A Short History of Nearly Everything

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Doubleday Canada, 2004 - Book clubs (Discussion groups) - 560 pages
One of the world's most beloved and bestselling writers takes his ultimate journey -- into the most intriguing and intractable questions that science seeks to answer.

In A Walk in the Woods, Bill Bryson trekked the Appalachian Trail -- well, most of it. In In A Sunburned Country, he confronted some of the most lethal wildlife Australia has to offer. Now, in his biggest book, he confronts his greatest challenge: to understand -- and, if possible, answer -- the oldest, biggest questions we have posed about the universe and ourselves. Taking as territory everything from the Big Bang to the rise of civilization, Bryson seeks to understand how we got from there being nothing at all to there being us. To that end, he has attached himself to a host of the world's most advanced (and often obsessed) archaeologists, anthropologists, and mathematicians, travelling to their offices, laboratories, and field camps. He has read (or tried to read) their books, pestered them with questions, apprenticed himself to their powerful minds. A Short History of Nearly Everything is the record of this quest, and it is a sometimes profound, sometimes funny, and always supremely clear and entertaining adventure in the realms of human knowledge, as only Bill Bryson can render it. Science has never been more involving or entertaining.

From the Hardcover edition.

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A Short History of Nearly Everything was a great book. I picked it for a school project, thinking it would be the easiest to get through. Turns out it was easier than I thought to get through, I picked it up and by the time I had put it down I was half-way through. The book was great and very informative; it had just the right amount of history and information. Although the book was supposed to be a history it felt more like a story of how the earth was made by the views of scientists. I was worried that the book would have to many scientific terms and that it would not explain them so I would not really understand what exactly the book was talking about. I was pleasantly surprised that I understood almost everything that Bill Bryson was talking about. The good thing about the book was that as it was explaining an idea and as soon as you start to wonder something it starts to answer your question. While the book cannot answer everything you wonder it comes pretty close to those questions that you have always had. A Short History of Nearly Everything gives you informative facts about how scientist believe the earth came to be and how things work, without actually pushing any ideas onto you, it is simply an informative book. Overall a great book and great for anyone who wants answers to those tough questions you have always wondered.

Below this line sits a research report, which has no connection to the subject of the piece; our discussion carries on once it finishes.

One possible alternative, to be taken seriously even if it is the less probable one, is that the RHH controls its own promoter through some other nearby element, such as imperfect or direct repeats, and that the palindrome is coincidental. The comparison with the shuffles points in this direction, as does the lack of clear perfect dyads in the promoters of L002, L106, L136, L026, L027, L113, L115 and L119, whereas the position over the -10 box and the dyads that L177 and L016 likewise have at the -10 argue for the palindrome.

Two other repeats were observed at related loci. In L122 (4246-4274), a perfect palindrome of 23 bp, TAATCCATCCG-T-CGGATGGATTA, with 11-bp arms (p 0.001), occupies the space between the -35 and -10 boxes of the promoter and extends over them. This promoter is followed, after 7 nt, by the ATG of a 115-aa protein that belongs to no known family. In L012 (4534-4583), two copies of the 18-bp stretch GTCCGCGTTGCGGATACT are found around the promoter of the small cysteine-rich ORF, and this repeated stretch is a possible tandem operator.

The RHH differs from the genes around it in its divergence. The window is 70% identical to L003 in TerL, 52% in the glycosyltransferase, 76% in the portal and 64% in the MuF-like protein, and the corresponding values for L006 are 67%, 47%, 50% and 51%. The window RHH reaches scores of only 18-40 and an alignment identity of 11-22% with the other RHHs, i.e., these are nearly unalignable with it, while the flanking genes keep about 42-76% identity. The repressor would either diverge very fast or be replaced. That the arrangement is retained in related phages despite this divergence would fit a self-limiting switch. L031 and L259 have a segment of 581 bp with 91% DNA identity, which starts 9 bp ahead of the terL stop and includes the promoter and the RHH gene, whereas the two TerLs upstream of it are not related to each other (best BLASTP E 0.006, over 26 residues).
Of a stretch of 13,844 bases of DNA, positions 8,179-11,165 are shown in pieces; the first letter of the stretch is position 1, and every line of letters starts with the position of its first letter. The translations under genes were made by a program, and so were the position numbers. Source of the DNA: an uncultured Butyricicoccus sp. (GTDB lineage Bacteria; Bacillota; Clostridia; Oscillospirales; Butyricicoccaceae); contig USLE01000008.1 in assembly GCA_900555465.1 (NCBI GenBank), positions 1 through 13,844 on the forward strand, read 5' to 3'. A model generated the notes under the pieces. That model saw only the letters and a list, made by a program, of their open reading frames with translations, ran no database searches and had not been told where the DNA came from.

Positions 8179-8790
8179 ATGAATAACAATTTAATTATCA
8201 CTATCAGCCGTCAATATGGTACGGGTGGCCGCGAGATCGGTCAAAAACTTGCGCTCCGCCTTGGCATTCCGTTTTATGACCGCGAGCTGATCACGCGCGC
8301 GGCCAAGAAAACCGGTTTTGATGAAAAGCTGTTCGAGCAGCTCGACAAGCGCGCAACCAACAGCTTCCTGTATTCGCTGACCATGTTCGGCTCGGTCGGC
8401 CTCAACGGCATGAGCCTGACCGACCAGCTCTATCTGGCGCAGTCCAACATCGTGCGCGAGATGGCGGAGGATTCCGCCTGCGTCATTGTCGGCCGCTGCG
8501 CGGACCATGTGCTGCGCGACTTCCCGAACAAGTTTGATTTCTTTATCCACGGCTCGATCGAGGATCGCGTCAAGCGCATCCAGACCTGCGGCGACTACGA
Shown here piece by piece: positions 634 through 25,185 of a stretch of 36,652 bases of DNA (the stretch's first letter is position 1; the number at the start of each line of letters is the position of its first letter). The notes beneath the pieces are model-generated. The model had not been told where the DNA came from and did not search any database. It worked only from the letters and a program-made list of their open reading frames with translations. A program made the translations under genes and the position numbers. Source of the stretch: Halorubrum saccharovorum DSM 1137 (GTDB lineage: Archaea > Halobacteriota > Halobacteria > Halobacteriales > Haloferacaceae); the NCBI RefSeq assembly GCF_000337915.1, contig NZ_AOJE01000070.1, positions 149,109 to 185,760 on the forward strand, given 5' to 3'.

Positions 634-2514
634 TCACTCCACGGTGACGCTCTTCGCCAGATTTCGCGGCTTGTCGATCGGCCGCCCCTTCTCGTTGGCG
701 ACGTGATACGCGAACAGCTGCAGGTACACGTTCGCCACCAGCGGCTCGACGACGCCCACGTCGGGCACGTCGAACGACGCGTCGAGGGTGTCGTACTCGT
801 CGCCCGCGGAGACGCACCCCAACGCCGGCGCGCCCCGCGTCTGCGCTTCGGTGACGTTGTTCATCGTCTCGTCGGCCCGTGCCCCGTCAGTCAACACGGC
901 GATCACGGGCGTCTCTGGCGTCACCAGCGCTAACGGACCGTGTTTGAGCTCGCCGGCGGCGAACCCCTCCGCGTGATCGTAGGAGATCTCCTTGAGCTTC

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I think this will be the book that I will go back to again and again. There were so many interesting facts to learn, and I enjoyed reading about how various scientists discovered new information that often surprised them. I liked reading about William Herschel's discovery of the planet Uranus in 1781 and how he wanted to name it after King George III (Georgium Sidus). I also liked learning about prehistoric guinea pigs the size of cows. 

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About the author (2004)

BILL BRYSON's bestselling books include A Walk in the Woods, Notes from a Small Island, I'm a Stranger Here Myself, In a Sunburned Country, A Short History of Nearly Everything (which earned him the 2004 Aventis Prize), The Life and Times of the Thunderbolt Kid, At Home and One Summer. He lives in England with his wife.

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